Reflections of a Floating World is Elder‘s fourth full length album and second LP released via Stickman Records (EU) and Armageddon Label (US). Long, undulating and dense tracks float between psychedelic passages and progressive rock without missing a beat; adventurous and unpredictable songs are punctuated by hypnotic jams, all colored by the tendency toward melody and dynamism that has become the band’s hallmark. In keeping with their motto of expanding and expanding upon their repertoire, guest musicians Mike Risberg and Michael Samos joined the core three in the studio to add extra guitar, keys and pedal steel, adding vibrancy and lushness to the album. In all regards, Reflections of a Floating World shows a band with a clear vision honing their skills with every year.
Listen to the premiere of the second album track ‘The Falling Veil’ here:
Echoes and Dust’s Jamie Jones says about the track ‘The Falling Veil’: “Each record Elder have released has marked a radical departure from the last, from the fairly routine stoner/doom of their self-titled debut to the epic, murky psych of Dead Roots Stirring to Lore’s cleaner, more progressive leanings. Their 4th album Reflections of a Floating World is perhaps a smaller step forward than those, more an expansion on the sound Lore started than a redesign of it. So it makes sense that ‘The Falling Veil’ – premiered here below – should be the first song from it unleashed on the public. It directly references to a number of guitar lines and melodies from that album, most obviously a repeat of the opening guitar salvo from Lore opener ‘Compendium’ 6 minutes in. Lore fans should feel right at home.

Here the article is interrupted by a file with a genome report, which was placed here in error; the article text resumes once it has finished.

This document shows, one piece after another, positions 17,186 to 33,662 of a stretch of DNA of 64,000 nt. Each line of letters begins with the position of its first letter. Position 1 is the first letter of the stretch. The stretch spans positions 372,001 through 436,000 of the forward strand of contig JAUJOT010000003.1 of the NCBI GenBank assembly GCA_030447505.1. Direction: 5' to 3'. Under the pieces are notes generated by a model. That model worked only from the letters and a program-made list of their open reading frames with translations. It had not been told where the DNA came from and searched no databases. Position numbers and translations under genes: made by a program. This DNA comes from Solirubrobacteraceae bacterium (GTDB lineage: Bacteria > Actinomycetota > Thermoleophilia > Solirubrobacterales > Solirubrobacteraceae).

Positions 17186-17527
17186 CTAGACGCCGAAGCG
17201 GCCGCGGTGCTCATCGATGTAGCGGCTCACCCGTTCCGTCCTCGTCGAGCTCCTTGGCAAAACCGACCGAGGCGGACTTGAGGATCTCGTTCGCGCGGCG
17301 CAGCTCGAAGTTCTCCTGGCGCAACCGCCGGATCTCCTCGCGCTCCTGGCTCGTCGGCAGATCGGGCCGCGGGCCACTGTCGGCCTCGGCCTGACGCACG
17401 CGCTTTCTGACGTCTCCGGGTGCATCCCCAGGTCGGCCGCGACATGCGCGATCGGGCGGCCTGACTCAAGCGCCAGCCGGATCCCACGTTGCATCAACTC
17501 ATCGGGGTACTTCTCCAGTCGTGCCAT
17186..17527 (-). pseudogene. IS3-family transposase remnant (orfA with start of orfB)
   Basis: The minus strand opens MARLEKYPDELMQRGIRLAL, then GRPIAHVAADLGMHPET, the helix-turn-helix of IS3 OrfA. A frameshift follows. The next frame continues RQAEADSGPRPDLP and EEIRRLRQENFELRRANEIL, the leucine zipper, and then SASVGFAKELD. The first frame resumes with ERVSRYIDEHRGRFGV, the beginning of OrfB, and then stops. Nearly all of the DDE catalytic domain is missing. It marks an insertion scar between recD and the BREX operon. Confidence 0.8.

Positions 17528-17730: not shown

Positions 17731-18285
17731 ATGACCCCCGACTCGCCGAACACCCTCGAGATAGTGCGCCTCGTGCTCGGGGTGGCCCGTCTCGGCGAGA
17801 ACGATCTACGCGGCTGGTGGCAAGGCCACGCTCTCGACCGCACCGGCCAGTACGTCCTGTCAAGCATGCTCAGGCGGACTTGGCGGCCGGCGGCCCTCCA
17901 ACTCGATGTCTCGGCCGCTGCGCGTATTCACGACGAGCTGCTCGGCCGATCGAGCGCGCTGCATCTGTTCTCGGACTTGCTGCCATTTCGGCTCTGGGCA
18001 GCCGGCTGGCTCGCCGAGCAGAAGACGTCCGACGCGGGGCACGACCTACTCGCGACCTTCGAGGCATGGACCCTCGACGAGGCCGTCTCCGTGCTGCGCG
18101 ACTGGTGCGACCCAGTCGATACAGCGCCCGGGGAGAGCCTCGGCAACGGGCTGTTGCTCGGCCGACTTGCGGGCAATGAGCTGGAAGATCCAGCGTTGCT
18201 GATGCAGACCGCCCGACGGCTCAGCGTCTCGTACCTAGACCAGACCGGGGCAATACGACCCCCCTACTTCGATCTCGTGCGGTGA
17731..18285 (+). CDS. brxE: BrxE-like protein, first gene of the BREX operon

But this is far from a rehash. Unfolding over 11 minutes it starts out quietly, sounding eerily like a Pink Floyd intro. But before you think they’ve gone full prog a familiar knotty Elder riff, complicated yet breezy, kicks in. From there a dizzying number of sections come and go, some meditating on a riff for a minute or more, some gone before you have time to even begin to digest them. On Lore Elder sacrificed some of the heft of Dead Roots Stirring in favour of a more clear eyed approach, a certain grace, but now as a four piece – with Michael Risberg (also Nick DiSalvo’s side project Gold and Silver) joining on second guitar – they’ve regained some of that grit, illustrated perfectly with a crunching riff at around the 9 minute mark. And the guitar interplay is stunning throughout, with the bass of Jack Donovan pushed a little further forward in the mix. It’s a lethally clear sound, and one with little background flourishes that will keep obsessives finding new things for a long time to come.
Elsewhere they pull some tricks out of the bag they’ve used before, like the swelling canned strings around the 8 minute mark that they deployed during Lore’s title track. But rather than overwhelm everything else as they did there here the strings are just part of the puzzle. It could easily be a grand finale, but they somehow find an even higher level soon after with an utterly sublime solo. It’s a perfect representation of the absolute confidence Elder have in themselves at this point. They sound like they believe they can conquer the world – and as the whiplash highlight reel of riffs and solos race past you might just believe they can too.
As a track there’s a lot to take in – you could write a full album length review dissecting this one alone. Lore was an incredibly tight, accomplished and ambitious record that ended up on a lot of stoner/psych/prog fans best of 2015 lists and left many wondering if they could top it. Whether they have or not is likely to be a keenly debated topic over the coming months. This may be the first Elder album to opt for evolution over revolution, but even when taking small steps forward they’re still leaving everyone else in the dust.”
Reflections of a Floating World is released on June 2nd and available for pre-order through here.